Reckon Warnie has struggled to find work or sponsorships in retirement? In fact, I’ll bet some people are googling ‘Shane Warne drugs ban’ right now, to check whether it even happened.

Sharapova and her team have clearly decided she is going to be the kind of drug cheat whose indiscretion becomes a footnote to her career, rather than define it. And that’s fair enough, because even if she was using meldonium as a performance enhancer for the past decade, there was no rule against doing so until January 1 this year. So she cheated for 25 days in a professional career that began in 2001.

But the amount of doping isn’t as important as the way you behave when you get caught. And one classy press conference doesn’t mean she will come out of this ordeal smelling of roses.

I suspect that’s what this Facebook message was about: staying classy.

Don’t talk about the drugs. Don’t mention the fact your lawyers are busting their arses trying to find a way to get you back on court ASAP. Definitely don’t play the blame game.

While the post was contrived – “That’s when I realized a bunch of tinted windowed cars were following me”, because a celebrity of Maria’s standing facing a scandal of this size wouldn’t have possibly anticipated being hounded by the tabloid press – it was still clever.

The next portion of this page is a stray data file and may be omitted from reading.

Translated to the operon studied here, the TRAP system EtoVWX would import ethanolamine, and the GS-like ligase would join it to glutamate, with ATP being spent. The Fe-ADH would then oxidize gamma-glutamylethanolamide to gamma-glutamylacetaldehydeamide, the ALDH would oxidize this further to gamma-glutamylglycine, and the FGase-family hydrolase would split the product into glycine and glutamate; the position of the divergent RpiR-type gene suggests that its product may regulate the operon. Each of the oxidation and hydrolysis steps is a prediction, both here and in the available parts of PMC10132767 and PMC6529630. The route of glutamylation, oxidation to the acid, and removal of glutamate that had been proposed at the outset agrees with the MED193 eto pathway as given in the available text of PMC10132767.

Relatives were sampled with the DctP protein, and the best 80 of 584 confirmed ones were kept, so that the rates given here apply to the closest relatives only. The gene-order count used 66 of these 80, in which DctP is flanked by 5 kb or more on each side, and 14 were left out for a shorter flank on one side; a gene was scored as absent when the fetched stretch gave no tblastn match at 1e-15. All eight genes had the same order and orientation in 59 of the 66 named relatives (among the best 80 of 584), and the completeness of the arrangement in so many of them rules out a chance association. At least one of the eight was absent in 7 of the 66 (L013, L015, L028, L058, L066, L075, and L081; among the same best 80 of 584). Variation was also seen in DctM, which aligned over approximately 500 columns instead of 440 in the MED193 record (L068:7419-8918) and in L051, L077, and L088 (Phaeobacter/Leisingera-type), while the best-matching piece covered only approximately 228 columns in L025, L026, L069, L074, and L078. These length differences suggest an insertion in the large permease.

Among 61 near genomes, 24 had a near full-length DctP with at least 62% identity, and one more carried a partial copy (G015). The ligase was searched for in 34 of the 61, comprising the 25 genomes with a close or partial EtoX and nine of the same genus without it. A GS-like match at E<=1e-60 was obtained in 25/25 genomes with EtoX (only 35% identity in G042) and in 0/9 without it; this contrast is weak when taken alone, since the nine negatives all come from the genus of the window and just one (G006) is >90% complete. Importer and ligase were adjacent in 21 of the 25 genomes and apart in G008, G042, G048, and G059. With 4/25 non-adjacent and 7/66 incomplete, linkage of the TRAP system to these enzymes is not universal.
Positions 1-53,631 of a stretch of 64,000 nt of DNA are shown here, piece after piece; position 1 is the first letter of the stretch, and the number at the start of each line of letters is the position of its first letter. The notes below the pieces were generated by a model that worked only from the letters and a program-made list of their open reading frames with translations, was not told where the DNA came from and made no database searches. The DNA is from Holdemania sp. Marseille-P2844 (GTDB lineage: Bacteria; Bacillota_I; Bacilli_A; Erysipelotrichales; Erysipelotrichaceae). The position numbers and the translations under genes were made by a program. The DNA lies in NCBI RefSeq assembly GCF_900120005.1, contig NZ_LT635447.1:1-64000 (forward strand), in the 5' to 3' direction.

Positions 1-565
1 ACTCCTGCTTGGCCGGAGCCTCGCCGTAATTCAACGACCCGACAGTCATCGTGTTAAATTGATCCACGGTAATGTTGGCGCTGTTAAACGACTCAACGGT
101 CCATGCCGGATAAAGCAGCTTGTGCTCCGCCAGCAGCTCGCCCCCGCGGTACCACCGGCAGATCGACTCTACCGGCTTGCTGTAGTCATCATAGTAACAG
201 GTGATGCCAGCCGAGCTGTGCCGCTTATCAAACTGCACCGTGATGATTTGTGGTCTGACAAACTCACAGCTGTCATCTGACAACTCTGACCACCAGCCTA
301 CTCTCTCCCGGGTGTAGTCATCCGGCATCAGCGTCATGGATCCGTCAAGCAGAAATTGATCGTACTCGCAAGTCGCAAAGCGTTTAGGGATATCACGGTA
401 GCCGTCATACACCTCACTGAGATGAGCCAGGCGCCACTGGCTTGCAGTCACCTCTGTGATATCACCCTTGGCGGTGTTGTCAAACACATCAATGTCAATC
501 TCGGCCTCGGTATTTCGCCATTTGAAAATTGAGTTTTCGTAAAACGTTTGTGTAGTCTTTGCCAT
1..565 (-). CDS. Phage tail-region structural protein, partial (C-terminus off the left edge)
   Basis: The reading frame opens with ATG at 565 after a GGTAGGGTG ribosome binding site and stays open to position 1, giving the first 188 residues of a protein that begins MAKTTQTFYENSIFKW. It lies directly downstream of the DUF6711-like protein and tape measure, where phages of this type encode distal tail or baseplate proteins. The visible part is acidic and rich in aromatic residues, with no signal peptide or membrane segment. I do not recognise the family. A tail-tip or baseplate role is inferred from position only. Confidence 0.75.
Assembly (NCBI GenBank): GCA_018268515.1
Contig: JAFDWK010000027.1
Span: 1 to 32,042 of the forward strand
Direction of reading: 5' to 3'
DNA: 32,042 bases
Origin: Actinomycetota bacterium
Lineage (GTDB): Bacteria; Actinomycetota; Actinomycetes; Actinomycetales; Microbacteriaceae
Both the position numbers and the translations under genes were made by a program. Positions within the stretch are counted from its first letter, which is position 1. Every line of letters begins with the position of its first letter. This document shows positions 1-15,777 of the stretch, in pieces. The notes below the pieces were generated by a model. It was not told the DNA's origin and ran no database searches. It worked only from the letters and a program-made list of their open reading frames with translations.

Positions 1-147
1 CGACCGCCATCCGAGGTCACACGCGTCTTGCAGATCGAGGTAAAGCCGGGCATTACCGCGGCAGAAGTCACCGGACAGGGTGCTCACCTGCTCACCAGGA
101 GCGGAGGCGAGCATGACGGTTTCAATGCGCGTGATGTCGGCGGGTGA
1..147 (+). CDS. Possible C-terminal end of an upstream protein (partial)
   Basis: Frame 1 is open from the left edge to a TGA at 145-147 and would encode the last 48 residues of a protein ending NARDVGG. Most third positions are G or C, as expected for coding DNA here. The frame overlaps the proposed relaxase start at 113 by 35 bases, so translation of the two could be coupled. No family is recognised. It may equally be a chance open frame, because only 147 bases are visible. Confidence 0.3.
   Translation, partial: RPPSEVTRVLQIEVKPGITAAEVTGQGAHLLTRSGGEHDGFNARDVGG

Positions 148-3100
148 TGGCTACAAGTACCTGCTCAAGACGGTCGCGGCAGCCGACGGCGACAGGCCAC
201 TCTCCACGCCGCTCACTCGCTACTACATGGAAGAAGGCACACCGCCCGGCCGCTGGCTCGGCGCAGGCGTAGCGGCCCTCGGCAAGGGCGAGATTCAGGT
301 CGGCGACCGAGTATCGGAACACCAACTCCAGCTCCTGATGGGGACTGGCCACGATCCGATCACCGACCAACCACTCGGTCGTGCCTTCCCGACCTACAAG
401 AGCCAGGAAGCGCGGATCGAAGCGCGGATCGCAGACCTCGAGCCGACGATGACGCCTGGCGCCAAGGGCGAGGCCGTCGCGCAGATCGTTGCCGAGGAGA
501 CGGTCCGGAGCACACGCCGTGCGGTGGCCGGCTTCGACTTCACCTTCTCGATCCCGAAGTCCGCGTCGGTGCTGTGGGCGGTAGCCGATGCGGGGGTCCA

The sponsors may be walking away now, but if you keep your fans onside, they’ll be back.

Maria Sharapova may not be able to stop from being officially declared a drug cheat, but she can ensure it doesn’t define her.

Sharapova’s Facebook post

I woke up yesterday morning with an inbox, in full capacity of love and compassion.

The first email I immediately opened was from my best friend, you know, the type of person who can make you smile and cry with only one word and who I spent the evening on the phone with, checking up on me, how was I doing?

On average, I love the mornings. New day, new start. It is fair to say that this day was not average. Nothing came to mind at 6am, except that I am determined to play tennis again and I hope I will have the chance to do so. I wish I didn’t have to go through this, but I do – and I will.

I needed to sweat, to push through and grind as I have done most of my life, so I made my way to the gym. That’s when I realized a bunch of tinted windowed cars were following me. The good old paparazzi, back on the trail.

I have not been online much except the odd search for a new antique coffee table (random, I know), but my friends made a collage for me with all your beautiful messages and hashtags that you created (‪#‎IStandWithMaria‬ and ‪#‎LetMariaPlay‬). I spent the afternoon reading them next to my dog, who couldn’t quite understand why this was more important than the walk he was expecting to take.

In this moment, I am so proud to call you my fans. Within hours of my announcement, you showed me support and loyalty, which I could only expect to hear when someone would be at the top of their profession.

I wanted to let you know that your wonderful words put a smile on my face. I’d like to play again and hope to have the chance to do so. Your messages give me great encouragement. This message isn’t anything else but to say thank you. Thank you very much.

– Maria Sharapova